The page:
I live in a country where Amazon’s not selling Alexa devices, but I have a friend in the US that can send me one. How do I set it up?

Strictly speaking, if Amazon’s not selling Alexa devices in your region then Alexa devices are not supported in your region. While various people around the world have discovered and shared their secrets for workarounds, and Amazon has released “international” versions of some Alexa devices, generally speaking every Alexa device must be registered to an Amazon account in a region where Alexa devices are sold and supported. You can get some limited functionality in non-supported regions, but it’s likely to be more frustrating than it’s worth.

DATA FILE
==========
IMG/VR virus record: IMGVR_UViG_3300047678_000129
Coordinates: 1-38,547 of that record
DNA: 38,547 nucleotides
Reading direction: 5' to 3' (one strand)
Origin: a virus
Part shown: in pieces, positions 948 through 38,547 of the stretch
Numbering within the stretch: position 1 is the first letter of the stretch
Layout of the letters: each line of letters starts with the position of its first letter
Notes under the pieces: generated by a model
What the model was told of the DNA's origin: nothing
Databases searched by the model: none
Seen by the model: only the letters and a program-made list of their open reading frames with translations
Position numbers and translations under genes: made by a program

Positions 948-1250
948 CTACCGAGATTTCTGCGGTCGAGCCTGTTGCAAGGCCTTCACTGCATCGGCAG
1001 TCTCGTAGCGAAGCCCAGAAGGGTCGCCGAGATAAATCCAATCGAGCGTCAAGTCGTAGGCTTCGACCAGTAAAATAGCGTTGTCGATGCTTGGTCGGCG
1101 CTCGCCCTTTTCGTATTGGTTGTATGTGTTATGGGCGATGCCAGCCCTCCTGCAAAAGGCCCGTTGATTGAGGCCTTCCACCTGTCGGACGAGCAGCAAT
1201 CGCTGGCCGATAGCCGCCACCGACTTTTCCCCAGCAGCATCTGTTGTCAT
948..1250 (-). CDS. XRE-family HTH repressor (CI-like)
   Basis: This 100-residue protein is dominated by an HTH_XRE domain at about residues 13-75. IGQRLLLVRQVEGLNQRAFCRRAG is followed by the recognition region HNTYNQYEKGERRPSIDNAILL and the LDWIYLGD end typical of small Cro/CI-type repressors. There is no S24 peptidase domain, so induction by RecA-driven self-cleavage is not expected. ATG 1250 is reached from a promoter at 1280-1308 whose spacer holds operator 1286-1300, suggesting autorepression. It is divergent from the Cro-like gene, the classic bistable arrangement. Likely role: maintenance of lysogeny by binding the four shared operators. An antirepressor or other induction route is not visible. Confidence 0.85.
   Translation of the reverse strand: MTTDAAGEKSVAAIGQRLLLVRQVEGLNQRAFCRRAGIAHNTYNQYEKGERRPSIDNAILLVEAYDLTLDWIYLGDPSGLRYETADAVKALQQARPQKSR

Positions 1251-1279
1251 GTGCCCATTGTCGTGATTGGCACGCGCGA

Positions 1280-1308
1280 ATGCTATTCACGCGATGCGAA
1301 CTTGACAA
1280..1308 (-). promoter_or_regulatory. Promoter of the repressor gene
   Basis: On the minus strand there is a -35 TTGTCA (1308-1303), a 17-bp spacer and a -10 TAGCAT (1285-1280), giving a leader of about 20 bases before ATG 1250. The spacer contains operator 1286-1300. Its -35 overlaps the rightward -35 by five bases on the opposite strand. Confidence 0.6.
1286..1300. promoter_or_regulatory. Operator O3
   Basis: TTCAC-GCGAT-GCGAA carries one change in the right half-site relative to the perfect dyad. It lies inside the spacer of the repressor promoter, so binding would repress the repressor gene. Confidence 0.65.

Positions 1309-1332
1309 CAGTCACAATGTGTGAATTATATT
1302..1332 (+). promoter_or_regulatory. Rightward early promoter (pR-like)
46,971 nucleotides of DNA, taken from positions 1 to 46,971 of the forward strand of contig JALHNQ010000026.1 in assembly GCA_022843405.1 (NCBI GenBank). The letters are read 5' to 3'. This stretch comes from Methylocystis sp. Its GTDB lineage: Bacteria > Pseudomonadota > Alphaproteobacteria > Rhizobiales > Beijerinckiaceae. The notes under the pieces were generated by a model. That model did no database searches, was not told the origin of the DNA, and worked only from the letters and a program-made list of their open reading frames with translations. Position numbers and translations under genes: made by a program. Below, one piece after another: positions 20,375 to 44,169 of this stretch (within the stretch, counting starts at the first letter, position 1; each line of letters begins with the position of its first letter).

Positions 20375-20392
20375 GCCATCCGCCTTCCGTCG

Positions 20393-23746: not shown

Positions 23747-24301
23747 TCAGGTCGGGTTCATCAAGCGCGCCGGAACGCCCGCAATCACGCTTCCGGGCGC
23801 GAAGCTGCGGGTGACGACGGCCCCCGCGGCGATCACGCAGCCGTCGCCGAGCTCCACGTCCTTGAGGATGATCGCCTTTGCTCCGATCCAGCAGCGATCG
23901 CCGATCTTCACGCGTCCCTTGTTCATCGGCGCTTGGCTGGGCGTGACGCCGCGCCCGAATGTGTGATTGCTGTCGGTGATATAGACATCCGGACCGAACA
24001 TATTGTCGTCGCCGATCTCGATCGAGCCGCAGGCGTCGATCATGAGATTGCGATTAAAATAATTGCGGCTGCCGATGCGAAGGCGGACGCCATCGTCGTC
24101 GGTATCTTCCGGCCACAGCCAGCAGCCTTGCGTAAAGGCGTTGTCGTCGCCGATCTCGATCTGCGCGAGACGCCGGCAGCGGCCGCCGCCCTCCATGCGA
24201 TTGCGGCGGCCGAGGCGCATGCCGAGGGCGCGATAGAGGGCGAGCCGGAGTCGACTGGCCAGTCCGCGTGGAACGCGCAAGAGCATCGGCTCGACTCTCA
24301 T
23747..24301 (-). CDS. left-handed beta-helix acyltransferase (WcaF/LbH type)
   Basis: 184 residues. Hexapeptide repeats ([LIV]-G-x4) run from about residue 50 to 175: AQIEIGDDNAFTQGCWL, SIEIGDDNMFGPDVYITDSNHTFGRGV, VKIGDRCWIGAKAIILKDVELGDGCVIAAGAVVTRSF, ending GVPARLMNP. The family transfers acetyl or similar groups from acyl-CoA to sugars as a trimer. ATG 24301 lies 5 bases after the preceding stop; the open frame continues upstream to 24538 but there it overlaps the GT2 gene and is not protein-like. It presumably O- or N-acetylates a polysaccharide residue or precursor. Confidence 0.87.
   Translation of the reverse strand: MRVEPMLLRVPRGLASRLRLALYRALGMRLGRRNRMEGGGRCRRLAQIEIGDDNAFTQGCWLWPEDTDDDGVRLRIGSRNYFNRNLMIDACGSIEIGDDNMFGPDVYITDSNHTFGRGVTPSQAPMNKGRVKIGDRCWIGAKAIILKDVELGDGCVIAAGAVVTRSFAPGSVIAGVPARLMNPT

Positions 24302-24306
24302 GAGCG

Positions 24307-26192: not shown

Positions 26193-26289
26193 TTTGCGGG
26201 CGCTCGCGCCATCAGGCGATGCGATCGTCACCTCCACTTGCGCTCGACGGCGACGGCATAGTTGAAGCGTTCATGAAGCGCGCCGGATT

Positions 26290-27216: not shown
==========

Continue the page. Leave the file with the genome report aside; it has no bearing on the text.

Where can I view and print a complete list of Alexa skills and their descriptions?

On the Amazon site, in the Skills store, by paging through every listing. I don’t mean to sound flip, but there are literally thousands of skills available and hundreds more are being released each week. It’s simply not practical to keep a printed list of skills, first because it would be hundreds of pages long, and secondly because it would only be accurate on the day it’s printed.

Streaming Music Questions

I used to listen to {station / artist / album / song / playlist} on {TuneIn / iHeartRadio / Pandora} all the time, but now it won’t play.
Content on streaming radio services is subject to change at any time according to contracts those services have with content providers (e.g., record labels, radio stations, podcasters, etc.). Sometimes a contract is not renewed. Sometimes the contract is renewed, but under different terms that may exclude the specific music you’re looking for, or put it behind a premium membership paywall.